i am trying lingonberries again this year. the plants i received didn't survive the dry area i placed them in. it was really lack of care that killed them. this year, when my replacements arrived i added some topsoil and peat moss, planted, then mulched. so far they look pretty good. and, they aren't bothered by earwigs!!!!! (which have devoured my chamomile planted between the lingonberries for filler)


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RE: conventional tasty edibles

Lingonberries like acid soil, your climate might be too humid for them, I haven't tried growing them in the south but it is worth a try. Same with blueberries, there are certain varieties that do better in the south. Maybe your blueberry isn't happy because it isn't the right kind of cultivar. Lots of nurseries sell blueberries, but reputable ones will sell the right kinds for the region. Check with your cooperative extension service on the kinds of bush fruits that grow well in your region. By "kind" I mean the horticultural variety. I'd look into bush cherries, although they may be a northern type of thing too.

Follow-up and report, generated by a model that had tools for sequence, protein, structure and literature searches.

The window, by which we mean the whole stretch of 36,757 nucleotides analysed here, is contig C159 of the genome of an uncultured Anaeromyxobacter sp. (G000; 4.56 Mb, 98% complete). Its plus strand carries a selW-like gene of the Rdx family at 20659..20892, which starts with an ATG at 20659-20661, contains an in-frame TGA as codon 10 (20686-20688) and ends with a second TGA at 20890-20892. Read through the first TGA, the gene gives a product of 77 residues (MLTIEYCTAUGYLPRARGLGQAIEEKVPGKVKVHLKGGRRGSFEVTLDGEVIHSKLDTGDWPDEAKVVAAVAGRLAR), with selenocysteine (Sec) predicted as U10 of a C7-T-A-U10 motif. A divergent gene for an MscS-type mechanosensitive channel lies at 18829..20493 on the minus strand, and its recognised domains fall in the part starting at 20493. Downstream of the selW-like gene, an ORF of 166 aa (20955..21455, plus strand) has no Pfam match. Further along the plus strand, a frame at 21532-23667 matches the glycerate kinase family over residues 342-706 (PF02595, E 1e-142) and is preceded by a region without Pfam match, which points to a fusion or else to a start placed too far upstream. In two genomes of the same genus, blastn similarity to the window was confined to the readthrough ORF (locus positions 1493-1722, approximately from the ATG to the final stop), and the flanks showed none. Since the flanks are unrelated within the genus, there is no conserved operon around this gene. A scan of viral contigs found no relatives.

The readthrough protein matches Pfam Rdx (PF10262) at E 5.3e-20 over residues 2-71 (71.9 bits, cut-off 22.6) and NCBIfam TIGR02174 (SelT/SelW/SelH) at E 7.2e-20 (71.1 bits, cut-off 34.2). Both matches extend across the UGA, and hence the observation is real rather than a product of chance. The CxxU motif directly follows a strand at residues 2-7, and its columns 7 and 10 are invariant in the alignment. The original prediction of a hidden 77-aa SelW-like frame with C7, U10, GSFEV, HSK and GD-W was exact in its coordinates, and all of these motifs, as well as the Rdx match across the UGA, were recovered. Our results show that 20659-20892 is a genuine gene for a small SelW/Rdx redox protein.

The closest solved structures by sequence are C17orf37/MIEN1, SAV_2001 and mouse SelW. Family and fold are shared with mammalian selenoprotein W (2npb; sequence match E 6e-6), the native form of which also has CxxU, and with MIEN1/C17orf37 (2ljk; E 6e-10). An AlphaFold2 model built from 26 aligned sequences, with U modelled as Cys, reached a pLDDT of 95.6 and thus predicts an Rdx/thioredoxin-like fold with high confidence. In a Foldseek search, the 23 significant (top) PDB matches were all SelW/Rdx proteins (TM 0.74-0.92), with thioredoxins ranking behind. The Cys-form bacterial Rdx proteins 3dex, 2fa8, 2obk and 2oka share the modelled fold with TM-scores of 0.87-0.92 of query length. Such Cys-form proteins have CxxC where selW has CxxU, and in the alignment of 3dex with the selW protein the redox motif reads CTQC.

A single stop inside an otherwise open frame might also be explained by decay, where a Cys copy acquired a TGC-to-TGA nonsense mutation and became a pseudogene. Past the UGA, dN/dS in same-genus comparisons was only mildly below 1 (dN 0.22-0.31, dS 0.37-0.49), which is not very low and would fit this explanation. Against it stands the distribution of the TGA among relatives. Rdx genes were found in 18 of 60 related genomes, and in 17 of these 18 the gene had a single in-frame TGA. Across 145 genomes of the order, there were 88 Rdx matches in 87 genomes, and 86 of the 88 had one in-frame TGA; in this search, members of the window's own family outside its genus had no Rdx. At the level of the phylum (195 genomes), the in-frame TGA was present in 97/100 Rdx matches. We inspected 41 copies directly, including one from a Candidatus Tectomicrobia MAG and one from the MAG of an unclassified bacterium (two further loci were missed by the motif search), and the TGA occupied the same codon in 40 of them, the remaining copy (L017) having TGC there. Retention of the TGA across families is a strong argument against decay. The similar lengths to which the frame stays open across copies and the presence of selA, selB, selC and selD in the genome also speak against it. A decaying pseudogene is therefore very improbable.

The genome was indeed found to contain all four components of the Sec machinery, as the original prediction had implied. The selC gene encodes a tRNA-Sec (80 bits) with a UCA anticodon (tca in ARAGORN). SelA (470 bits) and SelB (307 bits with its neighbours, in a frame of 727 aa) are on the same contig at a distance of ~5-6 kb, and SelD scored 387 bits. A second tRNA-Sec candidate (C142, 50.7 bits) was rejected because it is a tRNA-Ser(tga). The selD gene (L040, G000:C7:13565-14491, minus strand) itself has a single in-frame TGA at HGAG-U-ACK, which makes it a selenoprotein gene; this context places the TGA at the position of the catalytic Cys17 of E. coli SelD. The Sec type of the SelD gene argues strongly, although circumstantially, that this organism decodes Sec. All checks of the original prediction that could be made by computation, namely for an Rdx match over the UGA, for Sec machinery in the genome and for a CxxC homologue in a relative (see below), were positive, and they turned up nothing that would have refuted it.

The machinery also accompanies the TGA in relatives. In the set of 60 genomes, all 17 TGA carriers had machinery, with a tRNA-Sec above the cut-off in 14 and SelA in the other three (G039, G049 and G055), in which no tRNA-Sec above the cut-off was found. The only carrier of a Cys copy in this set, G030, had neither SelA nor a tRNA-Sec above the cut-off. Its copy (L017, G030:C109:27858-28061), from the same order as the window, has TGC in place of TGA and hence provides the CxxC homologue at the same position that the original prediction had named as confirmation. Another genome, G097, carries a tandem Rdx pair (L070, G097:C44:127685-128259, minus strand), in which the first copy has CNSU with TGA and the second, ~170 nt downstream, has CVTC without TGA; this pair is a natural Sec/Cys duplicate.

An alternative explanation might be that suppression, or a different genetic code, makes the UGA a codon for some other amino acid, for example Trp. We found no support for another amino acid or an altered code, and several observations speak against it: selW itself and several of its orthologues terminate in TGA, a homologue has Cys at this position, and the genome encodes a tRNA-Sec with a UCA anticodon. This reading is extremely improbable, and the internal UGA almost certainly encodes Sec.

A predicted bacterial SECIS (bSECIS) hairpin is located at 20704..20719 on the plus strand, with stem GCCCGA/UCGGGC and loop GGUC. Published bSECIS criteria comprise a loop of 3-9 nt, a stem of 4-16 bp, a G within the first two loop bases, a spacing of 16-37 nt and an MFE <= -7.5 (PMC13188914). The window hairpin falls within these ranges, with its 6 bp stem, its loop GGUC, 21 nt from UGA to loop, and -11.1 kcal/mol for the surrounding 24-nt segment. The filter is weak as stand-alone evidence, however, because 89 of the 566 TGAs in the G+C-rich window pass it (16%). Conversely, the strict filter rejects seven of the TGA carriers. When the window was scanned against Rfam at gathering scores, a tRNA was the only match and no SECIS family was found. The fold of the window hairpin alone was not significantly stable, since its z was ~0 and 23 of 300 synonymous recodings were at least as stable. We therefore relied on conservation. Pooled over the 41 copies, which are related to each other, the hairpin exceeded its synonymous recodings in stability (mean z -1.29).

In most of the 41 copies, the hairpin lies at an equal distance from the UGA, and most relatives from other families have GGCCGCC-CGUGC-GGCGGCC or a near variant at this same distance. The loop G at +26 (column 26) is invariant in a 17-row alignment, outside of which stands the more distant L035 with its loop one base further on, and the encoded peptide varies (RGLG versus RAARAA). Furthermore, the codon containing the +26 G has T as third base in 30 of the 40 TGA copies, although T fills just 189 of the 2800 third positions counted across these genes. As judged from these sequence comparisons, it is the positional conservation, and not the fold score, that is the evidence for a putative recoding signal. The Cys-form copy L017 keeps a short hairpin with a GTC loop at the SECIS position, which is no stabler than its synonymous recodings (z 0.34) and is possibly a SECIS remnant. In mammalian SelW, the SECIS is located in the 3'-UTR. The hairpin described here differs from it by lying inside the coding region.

The Edible Landscaping Nursery is in your state and their Web site has a lot of good info and suggestions,

Here is a link that might be useful: Growing blueberries in VA


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RE: conventional tasty edibles